Ian Humberstone and David Chatton Barker – ‘Theo Brown And The Folklore Of Dartmoor’ Boxset (7×7″ / DVD / Book) [Folklore Tapes]

So much in love with this project; the fact that the music so good is almost an added bonus. Okay, that may be taking it too far, as at it’s core is amazing composition, but you can’t ignore how well it ties in to a brilliant concept beautifully executed from recording to delivery.

Theo Brown and The Folklore Of Dartmoor is the boxset release from Ian Humberstone and David Chatton Barker, exploring “the stories and folk-beliefs of seven Dartmoor villages through experiments in sound and vision.” Named after folklorist and artist Theo Brown, the audio-visual project has it’s basis in her studies on the topic, archived as papers, publications and woodcuts at Exeter University – some of which is replicated as part of this release.

So embedded is this project in it’s theme, the 8mm film that was used to shoot the DVD was actually buried with Dartmoor soil and nature to soak up the essence. Arty, sure, but they’ve certainly not done a half-assed job with it, nor with the accompanying prints or the book that’s equally enthralling, tracing the folklores that were used as source material for inspiration, and the work to date on them.

The compositions come as seven 7″ records, each dedicated to a different Dartmoor village. Fourteen-tracks in total that take on some form of hauntological-folk, with a basis in deteriorated electronics washing it out. If you can imagine the softness and subtlety of Andrew Pekler’s concept workings placed in to a Demdike Stare set with some field-recordings and Daphne Oram thrown in, you’re halfway there. The music is all encompassing, recorded and crafted with as much care as the hand-numbered project itself; there’s not a wasted moment on any of the vinyl. Each song is clearly a distinct piece of music on it’s own, but still follows the logical path of exploration.

Not much to add that the press release below doesn’t cover with the video sample and music right down the bottom. Doesn’t even matter how much of the story is true, this is simply an incredible release, packaged honestly and without the hype you might first expect. At £69 it’s not cheap, but unlike some recent boxsets that left us feeling ripped off, this one’s well worth it, right down to the pressed wild-flower.

via Folklore Tapes

Theo Brown and the Folklore of Dartmoor explores the stories and folk-beliefs of seven Dartmoor villages through experiments in sound and vision. It also celebrates the life of the late folklorist and artist Theo Brown, whose publications, papers and woodcuts have lain dormant in the archives at Exeter University since her death in 1993. Using Brown’s unpublished research, Ian Humberstone and David Chatton Barker have crafted an audio-visual retelling of Dartmoor folklore grounded in the moor’s topography, history and folk-culture.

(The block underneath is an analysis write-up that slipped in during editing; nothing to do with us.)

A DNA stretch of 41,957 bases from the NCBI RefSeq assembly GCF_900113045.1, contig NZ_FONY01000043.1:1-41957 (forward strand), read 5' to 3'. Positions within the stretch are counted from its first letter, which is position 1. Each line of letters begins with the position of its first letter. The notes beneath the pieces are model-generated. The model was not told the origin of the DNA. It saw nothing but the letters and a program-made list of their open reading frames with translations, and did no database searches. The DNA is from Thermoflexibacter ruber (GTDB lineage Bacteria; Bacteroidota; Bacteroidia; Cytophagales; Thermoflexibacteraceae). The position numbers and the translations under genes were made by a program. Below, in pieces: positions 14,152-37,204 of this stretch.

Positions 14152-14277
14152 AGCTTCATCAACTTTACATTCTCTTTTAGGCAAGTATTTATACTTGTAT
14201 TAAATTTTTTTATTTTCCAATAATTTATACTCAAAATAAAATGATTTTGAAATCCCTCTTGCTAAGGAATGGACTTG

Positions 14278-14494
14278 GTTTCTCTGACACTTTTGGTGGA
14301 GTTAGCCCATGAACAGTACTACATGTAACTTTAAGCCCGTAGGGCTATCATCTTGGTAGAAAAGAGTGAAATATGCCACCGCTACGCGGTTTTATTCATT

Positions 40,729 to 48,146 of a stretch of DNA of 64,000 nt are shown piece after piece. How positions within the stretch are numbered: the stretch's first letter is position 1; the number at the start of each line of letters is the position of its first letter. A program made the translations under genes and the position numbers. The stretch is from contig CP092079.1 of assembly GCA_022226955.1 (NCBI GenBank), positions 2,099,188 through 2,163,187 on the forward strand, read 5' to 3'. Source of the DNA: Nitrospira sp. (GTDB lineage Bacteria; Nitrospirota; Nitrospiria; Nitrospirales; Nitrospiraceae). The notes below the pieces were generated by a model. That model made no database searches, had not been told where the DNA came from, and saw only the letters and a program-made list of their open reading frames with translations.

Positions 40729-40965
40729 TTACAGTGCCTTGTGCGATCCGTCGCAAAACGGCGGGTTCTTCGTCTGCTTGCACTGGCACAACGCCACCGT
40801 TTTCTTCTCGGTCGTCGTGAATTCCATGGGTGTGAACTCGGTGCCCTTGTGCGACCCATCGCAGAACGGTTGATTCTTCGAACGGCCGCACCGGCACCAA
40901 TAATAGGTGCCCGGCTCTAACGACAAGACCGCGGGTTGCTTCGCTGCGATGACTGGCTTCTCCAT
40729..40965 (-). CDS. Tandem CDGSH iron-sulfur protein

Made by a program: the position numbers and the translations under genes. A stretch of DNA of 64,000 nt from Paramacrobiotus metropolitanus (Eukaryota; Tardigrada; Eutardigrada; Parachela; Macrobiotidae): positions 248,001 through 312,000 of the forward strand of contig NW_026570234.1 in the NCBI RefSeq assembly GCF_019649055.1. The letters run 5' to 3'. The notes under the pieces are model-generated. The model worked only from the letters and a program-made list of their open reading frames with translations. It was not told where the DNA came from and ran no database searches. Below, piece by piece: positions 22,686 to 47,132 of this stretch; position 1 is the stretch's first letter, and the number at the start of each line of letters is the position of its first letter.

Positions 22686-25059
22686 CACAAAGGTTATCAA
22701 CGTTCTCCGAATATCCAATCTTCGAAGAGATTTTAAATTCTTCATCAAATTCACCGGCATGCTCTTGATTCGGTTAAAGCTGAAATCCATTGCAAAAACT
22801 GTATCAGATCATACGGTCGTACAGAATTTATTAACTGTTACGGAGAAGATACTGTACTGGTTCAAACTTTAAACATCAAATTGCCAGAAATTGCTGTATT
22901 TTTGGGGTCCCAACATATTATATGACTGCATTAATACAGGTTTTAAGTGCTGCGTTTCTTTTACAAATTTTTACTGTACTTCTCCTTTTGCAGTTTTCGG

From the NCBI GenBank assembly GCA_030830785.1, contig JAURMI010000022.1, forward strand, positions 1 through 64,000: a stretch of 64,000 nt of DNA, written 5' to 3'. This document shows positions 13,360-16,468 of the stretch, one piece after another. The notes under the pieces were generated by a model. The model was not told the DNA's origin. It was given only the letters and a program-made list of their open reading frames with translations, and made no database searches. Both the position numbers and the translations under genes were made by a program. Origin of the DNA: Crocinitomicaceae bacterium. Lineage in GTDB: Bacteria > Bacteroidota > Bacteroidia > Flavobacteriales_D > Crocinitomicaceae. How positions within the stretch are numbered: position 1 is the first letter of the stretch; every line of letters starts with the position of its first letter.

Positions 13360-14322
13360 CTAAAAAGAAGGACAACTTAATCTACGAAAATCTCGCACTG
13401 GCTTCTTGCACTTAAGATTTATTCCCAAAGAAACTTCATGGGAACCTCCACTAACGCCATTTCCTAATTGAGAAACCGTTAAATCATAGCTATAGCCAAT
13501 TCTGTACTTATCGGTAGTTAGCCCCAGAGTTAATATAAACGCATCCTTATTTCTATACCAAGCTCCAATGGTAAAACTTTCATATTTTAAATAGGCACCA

Theo Brown was an important and much maligned figure within twentieth-century folkloristics, who documented the arcane tales and traditions of her native Devon through first-hand accounts, often, in her younger years, camping out on the county’s waysides to do so. Brown later rose to prominence within the Folklore Society, authoring several well received monographs and papers. However, she was not afforded the full credit due her endeavours by the wider academic community, who criticised both her lack of formal training and the singular dedication with which she pursued her often esoteric subjects. Brown was, in this way, a comparable figure to Delia Derbyshire, Lotte Reiniger and Vera Chytilová: a pioneering spirit working within a field dominated by grey-faced men in stiff collars. Her writing is infused with a creative flair borne of her background as an artist, and the box-set is enriched by seven postcard print reproductions of her ‘lost’ woodcut images salvaged from dusty archive shelves.

Each seven-inch record takes a Dartmoor village as its theme, and each side recreates a folktale from that location as a textured soundscape, using composed music, foley work and site-specific field-recordings to conjure up long forgotten ghosts. Inspired by 1970s film soundtracks and library music, as well as the early sonic experimenters Pierre Henry and Karlheinz Stockhausen, the tracks utilise analogue recording techniques (tape loops, delays and hand-manipulations) to twist the thick organic textures into psychonautic permutations. Full transcripts of the tales covered by the records are included in the booklet, which are copied verbatim from Brown’s original notes, and intended, along with an accompanying map, as reference points to the audio.

Tactile technology and biological elements also shape the film contained on the DVD, which, in a style reminiscent of Stan Brackhage, is the product of process-led chance and spontaneity. Shot on-location on Dartmoor, the original 8mm films were caked in mould, leaves, and other organic material collected from the moor in post-development, and left to decompose before transfer. The result is an unnerving visual dreamscape, warped and manipulated by Dartmoor itself into a psychic cinematography of rich natural colours and twilit landmarks. A special edit of the music contained on the records accompanies the piece.

These materials are housed within a hand-stamped, numbered and book-cloth covered box, the size of which belies the hidden world within. The container is a psychopomp with muddy feet and mischievous saucer-eyes, waiting to lead the unsuspecting traveller through mist-shrouded lanes and out into the breadth of the wilderness, into the midst of seething, surging and clamouring stories.